Irish take Pride, top Hofstra by 8 goals
Pat Leonard | Thursday, March 25, 2004
The problem was obvious. The Irish gave up early goals in recent games and could not erase the deficits.
The solution was simple – score the first seven goals of the next game.
Brian Giordano tallied five goals and Brian Hubschmann added four more and an assist as No. 15 Notre Dame (2-3) jumped on top of No. 13 Hofstra (3-3) early and often, winning 19-11 in its final non-conference game of the season at the Loftus Sports Center Wednesday.
The win moves the Irish to 2-1 on its home field and snaps the Pride’s five-game winning streak over Notre Dame.
The Irish rank No. 8 in the nation in scoring with an average of 12 goals per game, though in recent games an explosive offense has not meant a victory.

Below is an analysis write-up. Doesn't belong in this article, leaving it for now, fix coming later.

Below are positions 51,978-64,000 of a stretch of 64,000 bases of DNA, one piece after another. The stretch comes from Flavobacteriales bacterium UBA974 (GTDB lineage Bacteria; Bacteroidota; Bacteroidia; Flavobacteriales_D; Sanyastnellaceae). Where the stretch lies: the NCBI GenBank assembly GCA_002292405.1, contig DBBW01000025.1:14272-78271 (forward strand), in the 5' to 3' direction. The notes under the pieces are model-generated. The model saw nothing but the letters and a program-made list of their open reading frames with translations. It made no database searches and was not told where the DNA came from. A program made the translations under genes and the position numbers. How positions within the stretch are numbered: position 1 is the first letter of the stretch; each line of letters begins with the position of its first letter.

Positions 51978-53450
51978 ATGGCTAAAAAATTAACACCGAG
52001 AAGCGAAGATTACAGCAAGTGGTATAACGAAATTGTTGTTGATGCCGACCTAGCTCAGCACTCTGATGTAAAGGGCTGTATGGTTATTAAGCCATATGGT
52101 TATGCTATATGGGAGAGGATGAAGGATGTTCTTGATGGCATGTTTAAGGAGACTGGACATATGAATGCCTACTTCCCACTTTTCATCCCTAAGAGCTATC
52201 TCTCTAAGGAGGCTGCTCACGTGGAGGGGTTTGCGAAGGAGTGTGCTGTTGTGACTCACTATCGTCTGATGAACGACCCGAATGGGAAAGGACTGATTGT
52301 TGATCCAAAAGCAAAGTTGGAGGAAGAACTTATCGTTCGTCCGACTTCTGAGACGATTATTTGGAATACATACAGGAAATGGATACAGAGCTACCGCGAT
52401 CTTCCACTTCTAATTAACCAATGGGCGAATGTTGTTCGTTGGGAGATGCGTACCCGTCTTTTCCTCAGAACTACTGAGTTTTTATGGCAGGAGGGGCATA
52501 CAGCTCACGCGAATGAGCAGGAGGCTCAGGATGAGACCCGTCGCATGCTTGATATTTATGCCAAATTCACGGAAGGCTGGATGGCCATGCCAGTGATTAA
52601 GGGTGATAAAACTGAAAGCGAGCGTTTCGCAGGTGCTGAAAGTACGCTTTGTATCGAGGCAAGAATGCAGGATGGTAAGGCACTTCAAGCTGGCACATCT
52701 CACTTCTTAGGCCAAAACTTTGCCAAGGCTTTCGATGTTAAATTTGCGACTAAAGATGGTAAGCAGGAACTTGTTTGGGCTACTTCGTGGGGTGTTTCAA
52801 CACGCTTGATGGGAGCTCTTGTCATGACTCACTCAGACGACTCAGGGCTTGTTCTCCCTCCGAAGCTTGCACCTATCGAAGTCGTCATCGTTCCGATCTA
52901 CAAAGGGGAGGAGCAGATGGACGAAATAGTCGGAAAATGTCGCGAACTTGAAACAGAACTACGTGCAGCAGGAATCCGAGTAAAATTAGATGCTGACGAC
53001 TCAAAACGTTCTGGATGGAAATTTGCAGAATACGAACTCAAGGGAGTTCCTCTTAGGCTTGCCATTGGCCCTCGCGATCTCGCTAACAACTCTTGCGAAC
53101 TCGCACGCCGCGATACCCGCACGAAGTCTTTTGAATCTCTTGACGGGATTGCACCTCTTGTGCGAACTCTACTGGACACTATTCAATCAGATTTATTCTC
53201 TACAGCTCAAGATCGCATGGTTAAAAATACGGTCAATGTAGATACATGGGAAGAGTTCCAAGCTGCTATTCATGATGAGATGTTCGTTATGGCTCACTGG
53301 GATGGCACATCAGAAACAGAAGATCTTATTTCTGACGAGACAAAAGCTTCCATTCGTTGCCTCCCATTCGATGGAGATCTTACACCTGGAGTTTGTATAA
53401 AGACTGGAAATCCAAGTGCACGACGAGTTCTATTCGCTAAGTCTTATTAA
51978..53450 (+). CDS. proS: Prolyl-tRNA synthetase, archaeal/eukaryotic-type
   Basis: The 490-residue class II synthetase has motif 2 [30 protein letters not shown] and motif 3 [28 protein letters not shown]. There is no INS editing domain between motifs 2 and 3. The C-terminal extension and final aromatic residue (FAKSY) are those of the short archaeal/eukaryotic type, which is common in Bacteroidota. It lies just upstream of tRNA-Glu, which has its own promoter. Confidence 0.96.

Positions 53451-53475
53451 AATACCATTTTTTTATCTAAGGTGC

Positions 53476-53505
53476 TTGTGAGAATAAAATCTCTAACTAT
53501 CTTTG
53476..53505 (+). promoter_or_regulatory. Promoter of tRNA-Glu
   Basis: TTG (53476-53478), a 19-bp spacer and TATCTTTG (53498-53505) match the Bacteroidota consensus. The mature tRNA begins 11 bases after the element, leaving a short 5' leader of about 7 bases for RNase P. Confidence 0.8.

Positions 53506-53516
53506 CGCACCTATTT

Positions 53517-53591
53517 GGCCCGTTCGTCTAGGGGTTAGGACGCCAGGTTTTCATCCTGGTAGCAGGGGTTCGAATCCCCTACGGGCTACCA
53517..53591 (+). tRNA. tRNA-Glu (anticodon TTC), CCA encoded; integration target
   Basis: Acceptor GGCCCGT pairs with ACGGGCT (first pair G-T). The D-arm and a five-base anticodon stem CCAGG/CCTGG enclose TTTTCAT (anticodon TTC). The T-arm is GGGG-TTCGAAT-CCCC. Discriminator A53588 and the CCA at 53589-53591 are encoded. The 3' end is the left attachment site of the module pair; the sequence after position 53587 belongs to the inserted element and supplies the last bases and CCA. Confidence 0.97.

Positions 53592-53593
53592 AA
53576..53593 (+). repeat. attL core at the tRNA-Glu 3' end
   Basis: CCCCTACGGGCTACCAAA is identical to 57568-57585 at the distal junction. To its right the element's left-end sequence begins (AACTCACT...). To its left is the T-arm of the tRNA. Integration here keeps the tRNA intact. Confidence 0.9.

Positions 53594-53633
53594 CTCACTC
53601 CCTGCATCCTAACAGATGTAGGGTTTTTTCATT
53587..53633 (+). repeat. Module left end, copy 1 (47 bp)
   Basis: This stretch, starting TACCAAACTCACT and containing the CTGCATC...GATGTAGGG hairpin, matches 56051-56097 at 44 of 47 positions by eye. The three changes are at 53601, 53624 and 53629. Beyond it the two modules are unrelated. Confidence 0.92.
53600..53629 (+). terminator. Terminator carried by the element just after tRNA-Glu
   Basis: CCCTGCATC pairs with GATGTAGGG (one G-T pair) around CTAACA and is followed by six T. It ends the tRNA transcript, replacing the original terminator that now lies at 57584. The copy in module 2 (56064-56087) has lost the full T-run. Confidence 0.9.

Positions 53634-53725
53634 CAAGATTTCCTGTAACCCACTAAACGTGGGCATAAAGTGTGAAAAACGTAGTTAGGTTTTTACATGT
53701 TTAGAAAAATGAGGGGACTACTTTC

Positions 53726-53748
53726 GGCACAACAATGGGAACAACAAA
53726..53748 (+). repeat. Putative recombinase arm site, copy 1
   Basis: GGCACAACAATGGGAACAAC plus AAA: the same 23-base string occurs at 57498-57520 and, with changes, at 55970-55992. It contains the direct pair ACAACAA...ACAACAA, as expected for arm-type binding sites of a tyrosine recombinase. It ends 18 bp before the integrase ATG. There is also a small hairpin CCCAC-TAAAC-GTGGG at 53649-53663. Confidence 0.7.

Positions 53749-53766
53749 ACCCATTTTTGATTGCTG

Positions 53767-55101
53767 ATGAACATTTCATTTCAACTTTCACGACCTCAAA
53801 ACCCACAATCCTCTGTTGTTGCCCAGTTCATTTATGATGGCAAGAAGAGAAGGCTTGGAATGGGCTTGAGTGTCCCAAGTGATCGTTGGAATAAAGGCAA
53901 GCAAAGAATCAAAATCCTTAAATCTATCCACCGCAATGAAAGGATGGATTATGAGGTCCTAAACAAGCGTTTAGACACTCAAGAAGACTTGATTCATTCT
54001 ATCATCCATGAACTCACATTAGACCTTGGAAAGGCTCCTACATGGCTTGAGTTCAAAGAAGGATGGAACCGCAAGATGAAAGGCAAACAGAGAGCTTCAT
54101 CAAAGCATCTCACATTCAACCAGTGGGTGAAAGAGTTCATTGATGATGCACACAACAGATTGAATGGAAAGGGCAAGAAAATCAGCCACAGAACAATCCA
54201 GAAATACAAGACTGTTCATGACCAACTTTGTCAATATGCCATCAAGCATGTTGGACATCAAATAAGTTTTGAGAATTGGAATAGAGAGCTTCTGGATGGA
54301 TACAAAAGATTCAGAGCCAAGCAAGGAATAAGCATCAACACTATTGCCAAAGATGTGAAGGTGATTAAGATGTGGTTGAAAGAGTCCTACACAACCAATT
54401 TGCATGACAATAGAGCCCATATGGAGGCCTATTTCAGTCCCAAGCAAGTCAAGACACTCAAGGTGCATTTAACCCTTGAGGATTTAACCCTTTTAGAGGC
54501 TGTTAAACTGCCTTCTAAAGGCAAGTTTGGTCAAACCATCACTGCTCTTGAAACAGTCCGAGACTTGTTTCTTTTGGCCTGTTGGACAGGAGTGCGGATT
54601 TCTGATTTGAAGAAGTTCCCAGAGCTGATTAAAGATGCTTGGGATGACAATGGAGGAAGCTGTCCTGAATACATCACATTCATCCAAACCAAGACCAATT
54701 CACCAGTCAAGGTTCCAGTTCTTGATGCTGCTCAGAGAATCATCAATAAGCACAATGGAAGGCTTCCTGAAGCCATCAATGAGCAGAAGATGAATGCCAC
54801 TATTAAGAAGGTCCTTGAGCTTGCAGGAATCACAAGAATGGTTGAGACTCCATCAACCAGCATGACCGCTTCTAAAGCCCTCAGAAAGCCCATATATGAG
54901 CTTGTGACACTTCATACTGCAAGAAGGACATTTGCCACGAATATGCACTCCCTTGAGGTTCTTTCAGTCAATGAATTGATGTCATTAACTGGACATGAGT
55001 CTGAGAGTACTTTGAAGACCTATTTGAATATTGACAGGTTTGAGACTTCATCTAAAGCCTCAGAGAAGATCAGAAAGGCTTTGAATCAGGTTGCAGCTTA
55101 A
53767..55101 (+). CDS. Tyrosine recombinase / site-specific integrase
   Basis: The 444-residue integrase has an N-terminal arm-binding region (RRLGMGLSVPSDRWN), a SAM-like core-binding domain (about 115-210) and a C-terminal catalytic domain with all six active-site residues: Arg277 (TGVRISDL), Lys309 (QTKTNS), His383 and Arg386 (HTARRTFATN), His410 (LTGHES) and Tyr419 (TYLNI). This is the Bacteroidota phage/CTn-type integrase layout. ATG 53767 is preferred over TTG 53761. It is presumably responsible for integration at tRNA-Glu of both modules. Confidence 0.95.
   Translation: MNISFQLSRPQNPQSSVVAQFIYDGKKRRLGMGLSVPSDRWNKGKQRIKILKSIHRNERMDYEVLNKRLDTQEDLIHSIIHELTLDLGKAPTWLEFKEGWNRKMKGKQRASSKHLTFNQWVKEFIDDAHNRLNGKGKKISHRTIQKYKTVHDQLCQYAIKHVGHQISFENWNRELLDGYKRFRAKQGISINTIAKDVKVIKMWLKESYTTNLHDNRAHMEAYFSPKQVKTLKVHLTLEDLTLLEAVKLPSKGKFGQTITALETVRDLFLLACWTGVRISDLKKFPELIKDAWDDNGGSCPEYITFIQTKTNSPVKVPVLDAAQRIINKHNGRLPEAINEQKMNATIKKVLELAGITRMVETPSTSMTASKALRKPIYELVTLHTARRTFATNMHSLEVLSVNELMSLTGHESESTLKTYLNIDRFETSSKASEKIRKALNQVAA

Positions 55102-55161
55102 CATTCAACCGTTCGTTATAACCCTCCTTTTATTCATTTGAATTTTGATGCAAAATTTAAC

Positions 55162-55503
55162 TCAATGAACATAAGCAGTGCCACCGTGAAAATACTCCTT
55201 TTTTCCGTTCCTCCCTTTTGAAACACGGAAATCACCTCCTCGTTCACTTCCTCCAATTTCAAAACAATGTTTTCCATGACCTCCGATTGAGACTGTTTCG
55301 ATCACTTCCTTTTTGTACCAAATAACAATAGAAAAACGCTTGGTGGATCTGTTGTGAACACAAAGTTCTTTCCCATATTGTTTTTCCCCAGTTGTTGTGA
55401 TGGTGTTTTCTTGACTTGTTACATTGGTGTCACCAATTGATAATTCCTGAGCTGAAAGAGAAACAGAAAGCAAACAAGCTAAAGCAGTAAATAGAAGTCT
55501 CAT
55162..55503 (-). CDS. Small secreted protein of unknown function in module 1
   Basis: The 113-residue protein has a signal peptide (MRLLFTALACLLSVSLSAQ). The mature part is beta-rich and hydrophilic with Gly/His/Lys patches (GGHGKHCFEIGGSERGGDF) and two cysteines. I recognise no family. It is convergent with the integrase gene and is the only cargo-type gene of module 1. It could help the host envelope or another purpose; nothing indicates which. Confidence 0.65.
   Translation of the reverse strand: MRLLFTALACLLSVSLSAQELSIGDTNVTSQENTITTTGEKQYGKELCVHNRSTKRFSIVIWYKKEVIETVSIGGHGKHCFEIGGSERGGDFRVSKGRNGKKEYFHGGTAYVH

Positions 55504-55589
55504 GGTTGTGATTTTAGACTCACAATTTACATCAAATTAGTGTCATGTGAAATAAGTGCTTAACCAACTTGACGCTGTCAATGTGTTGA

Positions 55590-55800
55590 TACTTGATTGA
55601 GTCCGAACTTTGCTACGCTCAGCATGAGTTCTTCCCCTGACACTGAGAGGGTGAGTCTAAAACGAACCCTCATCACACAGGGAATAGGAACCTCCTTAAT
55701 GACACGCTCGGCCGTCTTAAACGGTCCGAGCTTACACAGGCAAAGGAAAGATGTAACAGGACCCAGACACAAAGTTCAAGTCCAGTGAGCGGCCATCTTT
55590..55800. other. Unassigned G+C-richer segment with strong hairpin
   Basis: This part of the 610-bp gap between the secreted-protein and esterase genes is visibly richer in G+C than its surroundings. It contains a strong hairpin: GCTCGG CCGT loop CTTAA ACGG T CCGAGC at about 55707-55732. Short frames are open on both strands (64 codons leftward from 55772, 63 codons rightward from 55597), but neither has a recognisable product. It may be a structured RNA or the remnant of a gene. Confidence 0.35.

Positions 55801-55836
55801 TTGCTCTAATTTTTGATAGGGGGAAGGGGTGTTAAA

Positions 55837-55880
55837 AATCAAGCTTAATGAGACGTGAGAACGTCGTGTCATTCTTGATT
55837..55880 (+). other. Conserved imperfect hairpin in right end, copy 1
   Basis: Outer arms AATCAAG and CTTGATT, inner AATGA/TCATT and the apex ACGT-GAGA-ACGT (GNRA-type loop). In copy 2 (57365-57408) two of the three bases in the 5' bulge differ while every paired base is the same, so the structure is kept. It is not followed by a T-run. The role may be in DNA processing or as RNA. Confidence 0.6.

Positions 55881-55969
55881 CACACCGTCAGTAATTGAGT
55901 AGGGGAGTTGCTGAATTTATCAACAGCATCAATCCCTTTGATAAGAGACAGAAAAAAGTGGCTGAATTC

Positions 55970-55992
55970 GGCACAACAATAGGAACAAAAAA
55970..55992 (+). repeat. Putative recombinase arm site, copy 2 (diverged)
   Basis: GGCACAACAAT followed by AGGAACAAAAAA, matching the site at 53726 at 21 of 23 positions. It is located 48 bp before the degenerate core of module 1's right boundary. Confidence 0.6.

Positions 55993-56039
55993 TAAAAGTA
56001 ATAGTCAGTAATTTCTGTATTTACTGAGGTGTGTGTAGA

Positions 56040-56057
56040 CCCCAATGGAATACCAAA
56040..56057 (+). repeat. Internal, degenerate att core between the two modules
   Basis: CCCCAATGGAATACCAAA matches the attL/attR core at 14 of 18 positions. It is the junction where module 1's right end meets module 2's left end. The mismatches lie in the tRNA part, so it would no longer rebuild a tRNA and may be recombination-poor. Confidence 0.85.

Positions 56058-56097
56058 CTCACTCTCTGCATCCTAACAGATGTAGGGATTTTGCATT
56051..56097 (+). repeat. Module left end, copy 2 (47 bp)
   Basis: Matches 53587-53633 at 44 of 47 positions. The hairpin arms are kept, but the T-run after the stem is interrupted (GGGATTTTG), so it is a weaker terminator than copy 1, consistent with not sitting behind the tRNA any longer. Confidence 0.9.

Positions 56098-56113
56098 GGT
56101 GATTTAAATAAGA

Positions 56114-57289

“One of the biggest things about being an offensive team is it’s a lot tougher to play from behind,” Irish coach Kevin Corrigan said. “The team can hold the ball and slow the game down. But we played hard tonight. We played hard enough to win and as hard as we need to play to be a top 10 team.”
Giordano’s fifth goal with 5:30 remaining in the game put him one goal short of tying the record for most goals scored in an Irish home game, a record held by three different players in Notre Dame history. The most recent player to score six goals at home was Jon Harvey in a 2000 game versus Villanova.
The Irish led 11-5 at halftime due to three first half goals from the junior Giordano and a goal and an assist from preseason All-American Pat Walsh. The Pride were down 14-8 at the end of the third quarter and traded goals with the Irish at the beginning of the final period, but four consecutive goals – two from Giordano and two from Hubschmann – put the game away.
Dan Berger added two goals and an assist, and a slew of Irish players tallied a single goal. Hubschmann, midfielder Steve Clagett, Giordano, midfielder Matt Ryan and senior defenseman Mickey Blum put the Irish up 7-0 in the first quarter, and the team never looked back.
“I think we’re learning it takes more than ability to win games,” Corrigan said.